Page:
(Nelson 1988)

Cotton

Pythium spp., Rhizopus oryzae

Trichoderma spp.

(Howell 2007)

Cucumber

Pythium ultimum

Ethanol extracts of Serratia marcescens and Trichoderma spp.

(Roberts et al. 2016)

Cucumber

Pythium spp.

Phosphonate

(Abbasi and Lazarovits 2005; Abbasi and Lazarovits 2006)

Sunflower

Rhizoctonia solani

Spermine

(El-Metwally and Sakr 2010)

Lentil, pea, sugar beet

Pythium spp.

Rhizobium leguminosarum

(Bardin et al. 2004b; Huang and Erickson 2007)

Pea

Pythium spp.

Rhizosphere bacteria

(Bardin et al. 2003)

Safflower

Pythium spp.

Rhizosphere bacteria

(Bardin et al. 2003)

Sesame

Soil-borne pathogens

Paenibacillus polymyxa

(Ryu et al. 2006)

Sugar beet

Pythium spp.

Rhizosphere bacteria, crop straw powders

(Bardin et al. 2003; Bardin et al. 2004a)

Tomato and hot pepper

Pythium spp.

Fluorescent Pseudomonads

(Ramamoorthy et al. 2002)

Because seed germination and emergence are often influenced by site-specific soil and climate conditions, an in-depth knowledge of a specific site in question is a prerequisite for an effective decision-making process for seed treatments. An experiment on pesticide-free agroecosystems conducted in 2014 across eight experimental sites in France, with non-treated seeds, showed that the percentage of emergence rates markedly differs for the same seeds across the sites (Fig. 3). In particular, while the rate of emergence of soft wheat was 100% in the Le Rheu and Grignon sites, it was lower across other sites ranging from 43% in Auzeville to 75% in Lusignan (Fig. 6). This means that while seed treatments may result essential across some sites, due to unfavorable soil and climatic conditions, which are conducive to disease development, it may not be the case in other areas.
Fig. 6

Percentage of seed emergence (non-treated seeds) observed across different experimental sites managed under the “Res0Pest” network in France in 2014. Res0Pest is a “pesticide-free” trial network launched in 2011 by the INRA/CIRAD IPM network to address objectives of the French National Action Plan Ecophyto to develop and demonstrate the feasibility of pesticide-free cropping systems (Deytieux et al. 2014). Eight experimental sites, comprised of five arable cropping systems (in brown) and three mixed crop/husbandry systems (in green) are ongoing across the sites. DW durum wheat, SW soft wheat, MSW mixed of soft wheat varieties, SB spring barley. Different percentages of emergence across the experimental sites highlight how soil and climate and cropping practices affect seed germination and the seedling emergence process through biotic and abiotic stress. Low percentages of emerged seedlings are highlighted in red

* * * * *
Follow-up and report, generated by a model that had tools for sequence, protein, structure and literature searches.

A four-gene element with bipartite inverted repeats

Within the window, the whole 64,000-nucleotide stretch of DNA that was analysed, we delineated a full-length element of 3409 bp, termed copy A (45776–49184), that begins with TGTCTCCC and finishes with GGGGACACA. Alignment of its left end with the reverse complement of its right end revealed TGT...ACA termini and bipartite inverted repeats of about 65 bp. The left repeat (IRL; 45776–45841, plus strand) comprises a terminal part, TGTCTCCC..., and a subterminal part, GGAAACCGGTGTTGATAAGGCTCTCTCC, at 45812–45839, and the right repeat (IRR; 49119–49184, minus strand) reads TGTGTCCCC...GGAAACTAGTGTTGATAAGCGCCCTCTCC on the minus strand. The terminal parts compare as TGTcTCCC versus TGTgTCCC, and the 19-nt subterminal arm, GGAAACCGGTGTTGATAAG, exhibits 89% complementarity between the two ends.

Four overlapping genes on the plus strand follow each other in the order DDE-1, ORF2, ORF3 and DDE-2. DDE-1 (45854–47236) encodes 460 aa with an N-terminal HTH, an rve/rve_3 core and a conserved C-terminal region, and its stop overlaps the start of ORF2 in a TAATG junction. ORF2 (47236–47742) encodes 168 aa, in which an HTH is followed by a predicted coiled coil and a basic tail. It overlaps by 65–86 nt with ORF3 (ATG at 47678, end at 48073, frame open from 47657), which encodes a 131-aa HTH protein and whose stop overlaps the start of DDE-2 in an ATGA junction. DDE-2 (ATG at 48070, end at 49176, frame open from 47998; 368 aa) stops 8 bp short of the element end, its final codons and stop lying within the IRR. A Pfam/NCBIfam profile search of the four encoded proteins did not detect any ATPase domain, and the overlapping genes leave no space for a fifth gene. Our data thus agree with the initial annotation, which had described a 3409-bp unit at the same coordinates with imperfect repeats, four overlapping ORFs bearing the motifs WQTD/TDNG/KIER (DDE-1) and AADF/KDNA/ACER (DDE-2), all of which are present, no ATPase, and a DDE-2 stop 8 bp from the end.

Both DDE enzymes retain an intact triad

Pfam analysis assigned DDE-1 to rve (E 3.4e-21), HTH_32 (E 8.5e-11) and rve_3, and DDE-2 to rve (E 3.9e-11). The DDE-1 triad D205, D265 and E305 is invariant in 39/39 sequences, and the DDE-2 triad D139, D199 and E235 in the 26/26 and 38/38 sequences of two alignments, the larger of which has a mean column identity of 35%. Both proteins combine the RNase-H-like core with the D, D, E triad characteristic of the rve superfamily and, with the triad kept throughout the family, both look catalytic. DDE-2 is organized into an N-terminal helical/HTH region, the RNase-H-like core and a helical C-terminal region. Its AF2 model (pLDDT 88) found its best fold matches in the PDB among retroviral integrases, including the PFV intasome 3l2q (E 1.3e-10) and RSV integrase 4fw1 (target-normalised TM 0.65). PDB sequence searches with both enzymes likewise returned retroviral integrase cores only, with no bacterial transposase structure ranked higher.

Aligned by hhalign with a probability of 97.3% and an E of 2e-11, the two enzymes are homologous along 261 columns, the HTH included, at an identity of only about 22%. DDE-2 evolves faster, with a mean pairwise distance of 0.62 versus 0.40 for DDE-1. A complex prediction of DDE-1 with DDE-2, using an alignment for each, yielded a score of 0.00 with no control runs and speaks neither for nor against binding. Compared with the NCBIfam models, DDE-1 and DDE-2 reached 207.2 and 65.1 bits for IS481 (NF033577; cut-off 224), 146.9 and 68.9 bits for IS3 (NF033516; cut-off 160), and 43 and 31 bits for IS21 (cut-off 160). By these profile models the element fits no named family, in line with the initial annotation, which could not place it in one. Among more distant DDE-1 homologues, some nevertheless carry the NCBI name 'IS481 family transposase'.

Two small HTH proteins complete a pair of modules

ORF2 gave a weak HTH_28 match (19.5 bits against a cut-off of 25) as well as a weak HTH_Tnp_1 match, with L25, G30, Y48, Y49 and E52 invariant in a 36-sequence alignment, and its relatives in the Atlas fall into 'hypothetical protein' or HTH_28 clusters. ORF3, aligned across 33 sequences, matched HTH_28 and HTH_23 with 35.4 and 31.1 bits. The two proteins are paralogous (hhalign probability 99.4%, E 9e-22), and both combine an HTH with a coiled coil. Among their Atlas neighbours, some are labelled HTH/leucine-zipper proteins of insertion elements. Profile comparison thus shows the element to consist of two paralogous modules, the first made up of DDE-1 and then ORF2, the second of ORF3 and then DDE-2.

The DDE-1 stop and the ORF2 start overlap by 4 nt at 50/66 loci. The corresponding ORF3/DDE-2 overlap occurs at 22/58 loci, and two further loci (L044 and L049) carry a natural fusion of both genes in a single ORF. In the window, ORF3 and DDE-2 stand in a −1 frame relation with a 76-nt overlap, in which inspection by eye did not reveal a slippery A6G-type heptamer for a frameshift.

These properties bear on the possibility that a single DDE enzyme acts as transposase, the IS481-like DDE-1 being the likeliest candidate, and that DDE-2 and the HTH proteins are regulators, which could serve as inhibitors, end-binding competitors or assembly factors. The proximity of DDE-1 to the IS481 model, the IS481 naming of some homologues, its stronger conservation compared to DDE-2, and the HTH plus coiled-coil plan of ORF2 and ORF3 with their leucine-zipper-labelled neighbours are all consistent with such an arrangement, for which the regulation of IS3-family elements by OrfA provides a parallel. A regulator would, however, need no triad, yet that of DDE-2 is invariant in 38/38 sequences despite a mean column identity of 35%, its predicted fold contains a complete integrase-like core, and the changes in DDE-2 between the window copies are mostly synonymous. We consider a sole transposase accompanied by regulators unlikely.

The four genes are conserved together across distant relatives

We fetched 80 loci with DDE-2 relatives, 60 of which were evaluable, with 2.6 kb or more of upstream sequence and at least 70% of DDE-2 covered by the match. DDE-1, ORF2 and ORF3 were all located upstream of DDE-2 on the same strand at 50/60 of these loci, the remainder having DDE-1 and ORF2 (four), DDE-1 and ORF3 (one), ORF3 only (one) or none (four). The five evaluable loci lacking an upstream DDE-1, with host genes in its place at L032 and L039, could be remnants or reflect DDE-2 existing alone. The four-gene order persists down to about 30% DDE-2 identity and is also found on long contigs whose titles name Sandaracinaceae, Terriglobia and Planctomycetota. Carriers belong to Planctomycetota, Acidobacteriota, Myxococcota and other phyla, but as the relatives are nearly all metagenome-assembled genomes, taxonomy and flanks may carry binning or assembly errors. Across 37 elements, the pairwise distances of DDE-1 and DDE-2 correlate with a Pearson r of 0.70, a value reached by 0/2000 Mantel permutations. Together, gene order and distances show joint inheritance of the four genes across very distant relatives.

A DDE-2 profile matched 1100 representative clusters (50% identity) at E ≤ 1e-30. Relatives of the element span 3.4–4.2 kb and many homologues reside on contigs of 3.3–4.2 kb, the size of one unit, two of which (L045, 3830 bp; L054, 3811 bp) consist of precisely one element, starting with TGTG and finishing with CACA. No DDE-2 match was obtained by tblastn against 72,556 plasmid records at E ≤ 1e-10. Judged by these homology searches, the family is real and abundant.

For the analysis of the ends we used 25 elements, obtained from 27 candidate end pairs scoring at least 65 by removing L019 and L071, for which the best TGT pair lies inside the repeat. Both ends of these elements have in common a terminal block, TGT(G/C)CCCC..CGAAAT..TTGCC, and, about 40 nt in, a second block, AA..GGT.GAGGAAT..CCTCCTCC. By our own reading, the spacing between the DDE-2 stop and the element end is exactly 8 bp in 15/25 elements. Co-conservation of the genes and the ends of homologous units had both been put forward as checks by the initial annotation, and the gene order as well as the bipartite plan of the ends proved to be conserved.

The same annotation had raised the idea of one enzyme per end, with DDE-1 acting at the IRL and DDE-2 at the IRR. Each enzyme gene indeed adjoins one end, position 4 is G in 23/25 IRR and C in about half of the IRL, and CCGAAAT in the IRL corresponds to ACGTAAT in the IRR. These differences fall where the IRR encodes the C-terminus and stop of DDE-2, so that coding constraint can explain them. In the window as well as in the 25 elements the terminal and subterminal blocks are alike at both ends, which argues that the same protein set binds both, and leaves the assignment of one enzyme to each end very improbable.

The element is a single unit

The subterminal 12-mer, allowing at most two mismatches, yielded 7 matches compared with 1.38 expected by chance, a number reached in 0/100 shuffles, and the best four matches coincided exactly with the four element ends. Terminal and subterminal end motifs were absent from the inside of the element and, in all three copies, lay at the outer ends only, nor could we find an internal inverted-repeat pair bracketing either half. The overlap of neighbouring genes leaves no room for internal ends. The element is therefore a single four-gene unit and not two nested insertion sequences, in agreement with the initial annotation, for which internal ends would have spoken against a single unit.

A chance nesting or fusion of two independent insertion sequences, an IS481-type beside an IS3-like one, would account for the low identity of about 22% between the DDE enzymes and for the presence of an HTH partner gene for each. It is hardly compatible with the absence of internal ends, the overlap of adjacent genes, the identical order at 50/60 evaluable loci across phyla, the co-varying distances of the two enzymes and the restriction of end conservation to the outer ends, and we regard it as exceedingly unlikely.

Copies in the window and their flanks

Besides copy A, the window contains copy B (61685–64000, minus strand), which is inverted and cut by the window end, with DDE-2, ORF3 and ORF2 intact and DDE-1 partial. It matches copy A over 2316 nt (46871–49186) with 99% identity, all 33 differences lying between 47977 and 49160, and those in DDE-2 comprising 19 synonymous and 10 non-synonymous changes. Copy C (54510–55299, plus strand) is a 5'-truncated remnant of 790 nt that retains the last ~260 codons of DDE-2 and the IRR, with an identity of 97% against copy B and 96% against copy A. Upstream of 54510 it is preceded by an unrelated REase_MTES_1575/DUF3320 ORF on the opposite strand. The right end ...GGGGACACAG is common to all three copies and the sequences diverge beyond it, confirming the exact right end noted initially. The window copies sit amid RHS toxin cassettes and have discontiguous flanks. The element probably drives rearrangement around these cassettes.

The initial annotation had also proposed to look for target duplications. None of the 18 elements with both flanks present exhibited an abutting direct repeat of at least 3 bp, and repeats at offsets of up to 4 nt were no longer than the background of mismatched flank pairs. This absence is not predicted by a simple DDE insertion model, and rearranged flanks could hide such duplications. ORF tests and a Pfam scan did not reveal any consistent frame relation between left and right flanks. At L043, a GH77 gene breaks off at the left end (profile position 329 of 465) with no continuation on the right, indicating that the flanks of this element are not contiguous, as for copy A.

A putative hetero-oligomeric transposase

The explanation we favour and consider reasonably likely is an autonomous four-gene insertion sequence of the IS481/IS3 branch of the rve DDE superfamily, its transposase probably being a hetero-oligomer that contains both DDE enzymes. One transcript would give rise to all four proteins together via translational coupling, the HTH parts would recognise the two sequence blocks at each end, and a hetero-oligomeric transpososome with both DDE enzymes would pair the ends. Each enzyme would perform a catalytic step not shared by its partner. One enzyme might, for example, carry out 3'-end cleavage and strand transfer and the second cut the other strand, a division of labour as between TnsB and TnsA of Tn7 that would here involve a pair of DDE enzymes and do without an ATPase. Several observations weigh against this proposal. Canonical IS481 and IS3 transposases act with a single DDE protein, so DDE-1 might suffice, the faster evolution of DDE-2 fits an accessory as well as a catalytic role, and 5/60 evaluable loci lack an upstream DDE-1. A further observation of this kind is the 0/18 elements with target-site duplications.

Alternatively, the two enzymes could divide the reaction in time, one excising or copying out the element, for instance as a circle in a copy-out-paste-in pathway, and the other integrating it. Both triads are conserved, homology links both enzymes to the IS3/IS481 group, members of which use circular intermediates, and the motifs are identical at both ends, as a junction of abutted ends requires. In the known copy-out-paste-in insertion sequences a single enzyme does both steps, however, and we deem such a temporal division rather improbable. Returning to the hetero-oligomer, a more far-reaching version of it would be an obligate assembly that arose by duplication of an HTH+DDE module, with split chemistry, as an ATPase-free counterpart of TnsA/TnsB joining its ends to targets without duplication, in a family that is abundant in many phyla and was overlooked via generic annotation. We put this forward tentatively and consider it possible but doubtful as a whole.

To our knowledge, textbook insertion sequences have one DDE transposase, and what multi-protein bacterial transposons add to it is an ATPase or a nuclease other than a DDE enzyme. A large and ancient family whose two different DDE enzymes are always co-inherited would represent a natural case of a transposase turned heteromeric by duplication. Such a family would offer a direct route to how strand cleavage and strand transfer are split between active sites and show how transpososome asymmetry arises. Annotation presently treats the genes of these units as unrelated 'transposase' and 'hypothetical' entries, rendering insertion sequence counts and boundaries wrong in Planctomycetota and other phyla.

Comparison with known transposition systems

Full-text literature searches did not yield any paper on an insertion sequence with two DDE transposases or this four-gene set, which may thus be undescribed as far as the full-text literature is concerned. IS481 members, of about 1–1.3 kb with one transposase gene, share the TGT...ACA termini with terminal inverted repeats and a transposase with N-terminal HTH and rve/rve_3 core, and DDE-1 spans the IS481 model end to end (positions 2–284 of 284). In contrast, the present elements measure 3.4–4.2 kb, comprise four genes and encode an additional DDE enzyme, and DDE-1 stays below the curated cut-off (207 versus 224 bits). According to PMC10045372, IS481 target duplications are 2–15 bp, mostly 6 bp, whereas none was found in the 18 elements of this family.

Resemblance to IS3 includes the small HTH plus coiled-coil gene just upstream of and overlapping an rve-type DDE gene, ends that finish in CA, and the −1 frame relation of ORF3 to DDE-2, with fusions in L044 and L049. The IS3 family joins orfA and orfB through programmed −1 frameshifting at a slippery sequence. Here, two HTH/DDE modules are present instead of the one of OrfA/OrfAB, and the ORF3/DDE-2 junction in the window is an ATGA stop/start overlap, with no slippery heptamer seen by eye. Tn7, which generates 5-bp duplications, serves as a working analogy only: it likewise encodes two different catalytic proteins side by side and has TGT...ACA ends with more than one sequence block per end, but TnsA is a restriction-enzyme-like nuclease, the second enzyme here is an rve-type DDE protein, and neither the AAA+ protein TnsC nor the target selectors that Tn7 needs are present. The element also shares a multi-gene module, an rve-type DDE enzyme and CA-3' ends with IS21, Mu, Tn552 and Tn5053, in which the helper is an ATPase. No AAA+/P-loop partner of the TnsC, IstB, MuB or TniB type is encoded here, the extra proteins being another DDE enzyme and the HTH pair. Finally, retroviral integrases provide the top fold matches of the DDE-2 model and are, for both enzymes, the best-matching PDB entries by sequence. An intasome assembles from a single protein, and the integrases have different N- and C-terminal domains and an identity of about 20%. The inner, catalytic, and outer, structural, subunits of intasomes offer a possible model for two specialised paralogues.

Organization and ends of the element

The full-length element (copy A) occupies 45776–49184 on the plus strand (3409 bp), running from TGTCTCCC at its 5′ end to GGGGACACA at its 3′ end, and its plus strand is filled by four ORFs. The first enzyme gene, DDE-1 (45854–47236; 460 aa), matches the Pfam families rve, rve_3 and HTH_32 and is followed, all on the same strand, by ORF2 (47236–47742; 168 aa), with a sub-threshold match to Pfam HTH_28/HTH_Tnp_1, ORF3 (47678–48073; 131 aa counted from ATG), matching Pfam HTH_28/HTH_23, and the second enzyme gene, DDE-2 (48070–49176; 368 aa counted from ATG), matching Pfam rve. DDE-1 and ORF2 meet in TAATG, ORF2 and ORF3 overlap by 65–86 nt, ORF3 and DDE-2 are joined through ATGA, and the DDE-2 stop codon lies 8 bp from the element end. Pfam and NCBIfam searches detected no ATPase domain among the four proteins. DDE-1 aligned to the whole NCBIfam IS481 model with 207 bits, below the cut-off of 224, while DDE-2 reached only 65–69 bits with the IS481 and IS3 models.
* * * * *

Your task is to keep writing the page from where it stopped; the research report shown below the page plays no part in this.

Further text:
3.2 Deployment of host-plant resistance and/or tolerance

Overall, host-plant resistance as a management tactic is composed of the following two strategies: (i) deployment of resistant and/or tolerant plant varieties, which support lower pathogen populations or better tolerate injury caused by them; and (ii) the integration of such varieties with other management tactics within the frame of IPM. Unfortunately, for many plant pathogens, including those causing damping-off diseases, no plant cultivar with measurable resistance is available (Babadoost and Islam 2003). Therefore, the only way to better use the available crop varieties with tolerance to pathogens is through their adequate integration with other disease management measures. Nevertheless, insufficient focus has been paid to date to the integration of plant resistance with other IPM tactics, and to quantifying the benefits of plant resistance in multi-tactic IPM programs (Stout and Davis 2009).

On the other hand, the breeding approach used to date to develop resistant and/or tolerant crop varieties should be revisited if we want to focus on sustainable crop protection based on IPM. This is particularly true taking into account the fact that most, if not all, crop varieties bred to date are based on a market-driven approach focused on high-yielding and most profitable crop varieties. This trend has boosted adoption of short rotations or monoculture practices, on one hand, and ignored the potential that minor crops may have for IPM, on the other (Messéan et al. 2016). The limited range of available minor crop varieties has been reported as one of the major obstacles to crop diversification, thereby confining certain beneficial practices such as multiple cropping or intercropping (Enjalbert et al. 2016; Messéan et al. 2016). Therefore, breeding for IPM should be based on a different approach than the traditional one given the strategic role of breeding in the competitiveness of crops and their adaptation to more diversified cropping systems (Enjalbert et al. 2016).

3.3 Adoption of best cropping practices

Once the causal agent of damping-off has been identified, all available cropping practices could be adapted to discourage the development of the pathogen. Indeed, any technique that allows to reduce the time between seed germination and emergence helps reduce effects of biotic stresses on seedlings. Overall, many pathogens involved in damping-off are relatively weak pathogens, which require favorable environmental conditions for infection to occur (Table 1). In addition to the susceptibility of host and aggressiveness of pathogen populations, the severity of damping-off is highly dependent on some critical factors including seedbed preparation, soil pH management, seeding date and rate, growing density, nutrition, irrigation, growing environment, crop sequence and intercropping, cover crops, soil residue management, soil solarization, and tillage (Table 3). Therefore, understanding combined effects of abiotic and biotic stresses and factors influencing them are a prerequisite towards effective IPM strategies of damping-off. Once these critical factors have been identified, which might differ from one region to another, best cropping practices should be put in place and adopted.